The reality is uglier, and it crosses generations.  You convince yourself that life will have meaning if you could only buy that car, or that flat screen television, or that new furniture, and you lock yourself into a bunch of payment plans that force you into some drudge job that will never begin to make you solvent, and before you know it, you've convinced yourself and your kids and your kids' kids that the only thing you all were put here to do it is to mow those lawns, or man those assembly lines, or drive those trucks.  You'll find this in the popular culture, too.  It's Stephen Stills's father in "Four + Twenty", the resentful salesman, "working like the Devil to be more."  It's Springsteen's kid, walking "the same dirty streets where I was born," seething with resentment that his father had to settle for another used car.  It's Al Bundy and George Costanza and every character Danny DeVito has ever played, mean and low and grasping, blind to everything except The Big Payoff.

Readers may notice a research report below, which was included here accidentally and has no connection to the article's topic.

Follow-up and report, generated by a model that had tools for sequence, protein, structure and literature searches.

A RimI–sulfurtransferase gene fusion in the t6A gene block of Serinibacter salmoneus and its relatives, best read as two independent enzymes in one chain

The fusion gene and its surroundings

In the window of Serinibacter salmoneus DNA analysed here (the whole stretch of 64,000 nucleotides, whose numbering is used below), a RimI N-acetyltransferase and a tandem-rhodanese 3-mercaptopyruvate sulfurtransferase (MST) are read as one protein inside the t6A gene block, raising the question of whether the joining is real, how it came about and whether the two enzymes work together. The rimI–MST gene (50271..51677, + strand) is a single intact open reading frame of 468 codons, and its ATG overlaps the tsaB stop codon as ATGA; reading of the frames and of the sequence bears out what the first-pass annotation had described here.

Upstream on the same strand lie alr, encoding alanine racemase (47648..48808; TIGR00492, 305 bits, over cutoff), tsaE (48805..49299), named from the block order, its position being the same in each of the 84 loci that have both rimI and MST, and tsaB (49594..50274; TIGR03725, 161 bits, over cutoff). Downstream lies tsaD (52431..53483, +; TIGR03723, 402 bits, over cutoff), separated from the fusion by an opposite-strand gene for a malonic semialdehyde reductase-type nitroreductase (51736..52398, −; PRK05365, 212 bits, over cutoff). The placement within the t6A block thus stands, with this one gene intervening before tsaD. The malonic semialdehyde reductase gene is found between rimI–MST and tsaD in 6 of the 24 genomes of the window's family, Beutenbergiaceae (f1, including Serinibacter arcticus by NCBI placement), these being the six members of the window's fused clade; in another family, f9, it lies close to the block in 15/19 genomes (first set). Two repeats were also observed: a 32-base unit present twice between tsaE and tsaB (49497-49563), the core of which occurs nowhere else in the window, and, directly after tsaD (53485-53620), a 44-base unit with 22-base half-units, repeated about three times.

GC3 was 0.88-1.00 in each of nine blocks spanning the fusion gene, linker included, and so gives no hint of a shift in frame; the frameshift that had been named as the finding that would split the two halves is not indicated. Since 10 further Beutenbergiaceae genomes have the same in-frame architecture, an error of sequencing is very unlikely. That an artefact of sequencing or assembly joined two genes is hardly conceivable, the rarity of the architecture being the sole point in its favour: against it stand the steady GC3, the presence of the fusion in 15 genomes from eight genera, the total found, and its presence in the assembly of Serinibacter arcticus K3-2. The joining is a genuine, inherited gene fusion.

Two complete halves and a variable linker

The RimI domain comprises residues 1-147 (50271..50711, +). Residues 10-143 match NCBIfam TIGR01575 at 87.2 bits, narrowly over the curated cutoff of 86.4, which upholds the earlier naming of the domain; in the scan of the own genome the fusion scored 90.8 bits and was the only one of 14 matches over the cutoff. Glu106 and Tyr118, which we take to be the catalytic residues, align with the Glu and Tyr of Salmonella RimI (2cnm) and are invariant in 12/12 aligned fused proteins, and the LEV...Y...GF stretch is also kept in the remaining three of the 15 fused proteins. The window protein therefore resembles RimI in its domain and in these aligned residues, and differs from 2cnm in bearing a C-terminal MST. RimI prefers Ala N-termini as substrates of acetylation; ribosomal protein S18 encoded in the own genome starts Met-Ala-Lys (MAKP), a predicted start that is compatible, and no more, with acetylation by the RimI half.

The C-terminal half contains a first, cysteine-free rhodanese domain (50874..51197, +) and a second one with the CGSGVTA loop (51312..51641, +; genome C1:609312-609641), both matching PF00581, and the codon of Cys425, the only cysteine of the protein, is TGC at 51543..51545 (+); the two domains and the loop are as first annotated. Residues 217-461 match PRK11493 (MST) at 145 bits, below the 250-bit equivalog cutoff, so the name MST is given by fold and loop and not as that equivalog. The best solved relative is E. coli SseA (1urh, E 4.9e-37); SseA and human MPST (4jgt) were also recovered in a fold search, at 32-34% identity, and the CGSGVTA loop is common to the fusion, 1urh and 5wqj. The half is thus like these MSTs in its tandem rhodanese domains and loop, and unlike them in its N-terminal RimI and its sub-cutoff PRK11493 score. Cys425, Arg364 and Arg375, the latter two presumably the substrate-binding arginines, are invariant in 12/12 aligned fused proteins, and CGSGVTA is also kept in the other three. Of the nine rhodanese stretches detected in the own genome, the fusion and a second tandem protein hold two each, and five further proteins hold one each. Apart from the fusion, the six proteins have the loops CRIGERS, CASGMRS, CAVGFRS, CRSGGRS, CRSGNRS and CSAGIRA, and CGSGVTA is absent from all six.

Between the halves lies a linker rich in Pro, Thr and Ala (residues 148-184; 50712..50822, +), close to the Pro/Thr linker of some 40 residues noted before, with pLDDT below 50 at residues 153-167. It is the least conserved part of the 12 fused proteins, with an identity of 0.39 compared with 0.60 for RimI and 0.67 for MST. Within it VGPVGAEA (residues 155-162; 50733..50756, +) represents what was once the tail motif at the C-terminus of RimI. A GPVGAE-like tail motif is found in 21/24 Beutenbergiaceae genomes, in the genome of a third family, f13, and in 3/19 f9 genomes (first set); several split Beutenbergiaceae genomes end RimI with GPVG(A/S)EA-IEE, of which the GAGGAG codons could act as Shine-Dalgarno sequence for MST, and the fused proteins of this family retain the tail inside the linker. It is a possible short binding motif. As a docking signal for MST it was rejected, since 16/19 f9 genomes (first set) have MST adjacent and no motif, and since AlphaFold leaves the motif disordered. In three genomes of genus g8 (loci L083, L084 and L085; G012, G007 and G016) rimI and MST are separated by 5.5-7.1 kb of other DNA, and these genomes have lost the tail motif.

With our hearts set upon the world, we rarely allow ourselves a vision of something better, of accomplishing something more than scraping out a living, of acquiring something more valuable than a new car or a flat panel teevee. 

Poverty of the spirit works the same way.  We had a girl in our second grade glass, Paula, who terrified us.  She rarely came to school, and when she did, she showed up in torn, ratty, dirty clothes, her hair matted and filthy, her hands and face streaked with dirt.  She had no friends.  She was a horrible student; I'm pretty sure she didn't know how to read.  North Tonawanda was a working class town, but it was a town with standards.  You didn't walk around looking like that.  You didn't live that way.